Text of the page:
Skip to Content

Is gambling a sin? What the Bible says about gambling.

This page/post may contain affiliate links.  As an Amazon Associate, as well as an affiliate of other programs, this means if you purchase something using these links, I will receive a commission on qualifying purchases at no cost to you! For more detailed information, please visit our Affiliate Disclaimer page

Have you ever asked, “Is gambling a sin?” The Bible is offered to us for guidance in our walks with Christ and is very direct on many topics but not so much on others. While it would be nice if everything were laid out perfectly clearly, we have to take time to study some topics where the Bible seems to either stay silent or live in a gray area, gambling being one of those topics. 

The Bible offers indirect teachings on gambling through teaching on the love of money and “get-rich-quick” schemes (as called in modern terminology), hard work and earning money, and the intentions of the heart. We will explore these three categories, as well as the act of casting lots and the parable of the talents, to equip you with the knowledge and tools to decide about gambling based on biblical principles.

playing cards, gambling chips with the text is gambling a sin? what the Bible says about gambling

The Love of Money and Get-Rich-Quick Schemes

While there is nothing wrong with having money – as we do need it to live – the Bible is very clear that we are not to love that money nor covet for more than what we are given, for everything we have is given to us by God himself. 

“For the love of money is the root of all kinds of evils. It is through this craving that some have wandered away from the faith and pierced themselves with many pangs.”1 Timothy 6:10 (ESV)

In 1 Timothy, the apostle Paul warns Christians against the love of money, as it lends hand to evil. It is not the money itself at the “root of all kinds of evils” but it can certainly place a wedge between the Holy Spirit and the harmful desires of the flesh, causing us to stumble into the sins of greed (one of the seven deadly sins) and idolatry. By loving money more than God, we can become enamored with worldly wealth over spiritual wealth, leaving behind our duties as the kingdom of God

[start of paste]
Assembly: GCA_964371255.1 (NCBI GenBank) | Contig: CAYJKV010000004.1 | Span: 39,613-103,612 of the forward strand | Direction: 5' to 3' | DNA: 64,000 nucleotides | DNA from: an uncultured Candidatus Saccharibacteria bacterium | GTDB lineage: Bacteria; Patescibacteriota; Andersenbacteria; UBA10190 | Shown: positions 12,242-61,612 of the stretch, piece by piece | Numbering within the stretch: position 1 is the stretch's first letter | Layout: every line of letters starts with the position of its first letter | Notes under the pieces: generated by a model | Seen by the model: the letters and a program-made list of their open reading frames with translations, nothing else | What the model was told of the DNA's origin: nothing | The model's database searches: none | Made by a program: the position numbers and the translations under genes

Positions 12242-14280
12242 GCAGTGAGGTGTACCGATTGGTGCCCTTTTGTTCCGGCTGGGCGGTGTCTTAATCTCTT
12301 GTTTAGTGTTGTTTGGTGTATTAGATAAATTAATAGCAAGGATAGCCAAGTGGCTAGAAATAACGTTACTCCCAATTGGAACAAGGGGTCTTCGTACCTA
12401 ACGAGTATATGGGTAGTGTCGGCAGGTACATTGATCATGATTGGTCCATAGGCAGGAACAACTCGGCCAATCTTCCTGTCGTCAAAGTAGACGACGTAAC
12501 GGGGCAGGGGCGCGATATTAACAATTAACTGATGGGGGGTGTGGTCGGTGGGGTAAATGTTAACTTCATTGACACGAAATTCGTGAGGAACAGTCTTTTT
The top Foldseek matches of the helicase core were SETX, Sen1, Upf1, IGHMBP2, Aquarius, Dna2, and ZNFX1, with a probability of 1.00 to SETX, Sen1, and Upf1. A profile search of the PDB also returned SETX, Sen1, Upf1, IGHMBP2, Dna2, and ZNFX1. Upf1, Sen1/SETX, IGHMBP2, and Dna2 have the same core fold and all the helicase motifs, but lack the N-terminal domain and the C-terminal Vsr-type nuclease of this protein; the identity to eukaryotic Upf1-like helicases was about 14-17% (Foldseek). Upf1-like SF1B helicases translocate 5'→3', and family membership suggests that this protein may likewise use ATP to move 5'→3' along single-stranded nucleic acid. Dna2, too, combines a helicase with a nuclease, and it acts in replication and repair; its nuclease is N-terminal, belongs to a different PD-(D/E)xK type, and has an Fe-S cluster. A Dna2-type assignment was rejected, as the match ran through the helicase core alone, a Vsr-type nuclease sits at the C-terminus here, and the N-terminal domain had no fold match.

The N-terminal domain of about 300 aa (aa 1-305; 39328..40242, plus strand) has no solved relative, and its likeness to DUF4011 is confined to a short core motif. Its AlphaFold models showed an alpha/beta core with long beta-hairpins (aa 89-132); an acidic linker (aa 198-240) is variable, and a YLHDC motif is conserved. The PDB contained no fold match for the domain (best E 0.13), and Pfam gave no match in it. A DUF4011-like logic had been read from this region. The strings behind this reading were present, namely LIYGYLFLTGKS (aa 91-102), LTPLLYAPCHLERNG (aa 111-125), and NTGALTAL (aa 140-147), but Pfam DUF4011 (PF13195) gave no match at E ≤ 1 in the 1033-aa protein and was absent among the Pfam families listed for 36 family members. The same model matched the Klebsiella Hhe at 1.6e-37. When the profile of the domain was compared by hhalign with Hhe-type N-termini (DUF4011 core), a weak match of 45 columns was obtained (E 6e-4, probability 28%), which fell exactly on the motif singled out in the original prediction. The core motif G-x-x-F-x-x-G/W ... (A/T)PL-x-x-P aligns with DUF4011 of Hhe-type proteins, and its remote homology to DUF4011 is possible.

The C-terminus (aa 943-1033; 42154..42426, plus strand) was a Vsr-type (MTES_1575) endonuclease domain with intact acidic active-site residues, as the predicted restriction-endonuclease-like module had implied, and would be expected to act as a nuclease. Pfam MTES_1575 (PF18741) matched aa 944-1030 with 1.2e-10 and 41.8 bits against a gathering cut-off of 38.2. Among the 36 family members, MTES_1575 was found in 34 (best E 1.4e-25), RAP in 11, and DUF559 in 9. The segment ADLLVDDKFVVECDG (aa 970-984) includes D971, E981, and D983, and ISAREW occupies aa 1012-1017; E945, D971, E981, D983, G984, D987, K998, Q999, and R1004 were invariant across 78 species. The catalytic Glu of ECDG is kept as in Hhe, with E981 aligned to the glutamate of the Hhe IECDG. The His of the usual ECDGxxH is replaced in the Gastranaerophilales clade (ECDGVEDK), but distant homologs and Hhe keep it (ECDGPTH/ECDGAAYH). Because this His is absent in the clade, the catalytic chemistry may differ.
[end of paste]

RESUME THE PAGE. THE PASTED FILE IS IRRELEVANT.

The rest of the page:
Similarly, gambling itself is not loving money, nor at the root of all evil, but it can easily lead to it. As the kingdom of God living in a sinful world, we must have boundaries for ourselves to avoid and resist inevitable temptation, especially with a gambling addiction at risk.  Knowing that gambling can lead to idolizing worldly wealth over God, which is directly stated to be at the root of all kinds of evil, it is probably wise to stay away from it, especially if you are prone to addiction or hyper-fixation. 

“No one can serve two masters, for either he will hate the one and love the other, or he will be devoted to the one and despise the other. You cannot serve God and money.”

Matthew 6:24 (ESV)

You either serve the Lord, or you serve the world. Again, there is no clear and direct statement in the Word of God that says “do not gamble,” but it is important to ask yourself when wrestling with the subject of gambling, or any topic for that matter: Does this serve and glorify God? 

“Keep your life free from love of money, and be content with what you have, for he has said, ‘I will never leave you nor forsake you.” 

Hebrews 13:5 (ESV)

“And God is able to make all grace abound to you, so that having all sufficiency in all things at all times, you may abound in every good work.” 

2 Corinthians 9:8 (ESV)

God is our provider of all things, including our money. Even when we have earned an income from hard work, it is still by God’s blessing that we have received it, as it is with everything, and we are simply stewards of it. It is hard to see a point in gambling other than just simply getting more money. Therefore, the question is raised: Do you trust in God to provide everything you need?